NFL Trade Rumors: Why The Chicago Bears Should Trade Devin Hester This Offseason

Daniel MorrillCorrespondent IDecember 21, 2010

CHICAGO - OCTOBER 17: Devin Hester #23 of the Chicago Bears smiles after returning a punt 89 years for a touchdown in the 4th quarter against the Seattle Seahawks at Soldier Field on October 17, 2010 in Chicago, Illinois. The Seahawks defeated the Bears 23-20. (Photo by Jonathan Daniel/Getty Images)
Jonathan Daniel/Getty Images

Devin Hester should be applauded and appreciated for setting the all-time return touchdowns record on Monday Night Football last night.  But when it comes to his team, the best chance for the Bears to make themselves perennial championship contenders should include trading their electric return man. Here's why.

1. His value might never be higher

After his second season in the NFL there was talk of trading Hester, possibly in a deal for a quarterback, but such talk was disregarded and the Bears set off to turn Hester into a number one wide receiver.  Hester's stock immediately plummeted in 2008 when he showed both ineptness in being a wide receiver, and his return game suffered compared to his first two seasons. Hester's value was better before the 2008 season than it is now, when there was a possibility that he could become a star receiver as well, but at least now Hester's return value is back up.

2. He will never be the receiver the Bears have always needed

It's clear now that Hester will never be more than a number three wide receiver, and the reverse and screen plays designed for Hester to use his speed have more often than not failed. Hester can be used as a wide receiver, but the Bears can always give Devin Aromashodu or Rashied Davis more playing time and achieve the same results in the receiving game. Hester's only real value is as a return man.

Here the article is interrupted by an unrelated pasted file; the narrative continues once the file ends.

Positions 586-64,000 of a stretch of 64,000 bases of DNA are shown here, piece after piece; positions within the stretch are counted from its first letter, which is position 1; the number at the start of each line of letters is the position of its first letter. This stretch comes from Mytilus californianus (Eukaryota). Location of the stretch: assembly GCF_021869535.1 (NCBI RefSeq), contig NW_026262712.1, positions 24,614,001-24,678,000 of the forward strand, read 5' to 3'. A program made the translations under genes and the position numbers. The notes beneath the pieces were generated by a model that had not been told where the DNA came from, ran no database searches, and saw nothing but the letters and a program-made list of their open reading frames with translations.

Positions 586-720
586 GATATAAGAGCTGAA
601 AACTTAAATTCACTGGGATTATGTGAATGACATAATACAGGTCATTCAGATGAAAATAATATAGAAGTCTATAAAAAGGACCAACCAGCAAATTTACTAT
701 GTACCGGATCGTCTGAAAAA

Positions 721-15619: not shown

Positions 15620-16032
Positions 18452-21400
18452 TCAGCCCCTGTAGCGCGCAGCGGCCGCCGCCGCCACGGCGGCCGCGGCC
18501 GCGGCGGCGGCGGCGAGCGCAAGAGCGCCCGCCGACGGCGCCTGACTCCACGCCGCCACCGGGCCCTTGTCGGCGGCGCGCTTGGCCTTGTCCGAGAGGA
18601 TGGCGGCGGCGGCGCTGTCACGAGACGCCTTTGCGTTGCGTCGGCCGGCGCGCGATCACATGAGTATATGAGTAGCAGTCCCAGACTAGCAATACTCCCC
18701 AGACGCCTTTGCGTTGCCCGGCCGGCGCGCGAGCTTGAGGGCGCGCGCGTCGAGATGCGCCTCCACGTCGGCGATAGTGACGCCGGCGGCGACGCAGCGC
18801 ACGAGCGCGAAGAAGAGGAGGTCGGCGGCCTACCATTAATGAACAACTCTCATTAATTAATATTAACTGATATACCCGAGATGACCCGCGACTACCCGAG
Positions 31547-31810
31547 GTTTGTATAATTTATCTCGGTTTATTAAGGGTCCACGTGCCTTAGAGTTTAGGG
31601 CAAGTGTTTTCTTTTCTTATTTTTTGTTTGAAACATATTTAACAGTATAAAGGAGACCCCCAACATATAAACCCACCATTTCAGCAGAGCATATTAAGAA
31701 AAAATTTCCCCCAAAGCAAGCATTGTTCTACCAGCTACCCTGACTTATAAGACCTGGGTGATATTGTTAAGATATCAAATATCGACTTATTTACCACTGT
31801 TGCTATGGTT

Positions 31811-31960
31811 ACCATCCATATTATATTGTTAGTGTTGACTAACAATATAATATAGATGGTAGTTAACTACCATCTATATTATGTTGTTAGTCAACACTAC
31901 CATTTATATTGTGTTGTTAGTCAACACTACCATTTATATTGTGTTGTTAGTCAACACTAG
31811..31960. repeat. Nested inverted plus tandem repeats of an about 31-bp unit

3. The return game won't drastically suffer

No matter who the Bears have sent back to receive punts and kicks, they have had success.  Danieal Manning still makes the most of his return opportunities when he gets the chance, and Johnny Knox did a very good job returning kicks last year.  Hester is right, he owes a lot to the special teams system he plays in and the people he has blocking for him.  The Bears will lose Hester's knack for getting into the end zone on kicks, but in terms of getting the offense in good field position, the Bears have pieces in house to do so.

4. Teams can always kick away from him

Its amazing that teams haven't figured this out yet, but when they do Hester immediately loses all of his value.  Sure teams kicking out of bounds away from Hester could net the Bears five or ten yards in field position, but that's not why the Bears value Hester.  Would the Bears rather have Hester who could earn the offense 30 or 40 yards in field position over the course of a game, or a number one wide receiver who could give them one-hundred yard games through the air and give Cutler a go-to in the red zone? 

5. The Bears have bigger needs

Chicago still has glaring holes in the offensive line and at wide receiver that need to be addressed before Jay Cutler and Mike Martz can build an elite offense.  Trading Devin Hester could certainly help to address one or both of those needs.  It will be difficult to trade for a number one receiver or offensive lineman without more in the deal, but Hester might be able to net draft picks for the Bears to fill their main needs.

Devin Hester is special.  But what it all comes down to is need, and right now the Bears need a number one receiver and an offensive line makeover far more than they need Devin Hester returning kicks.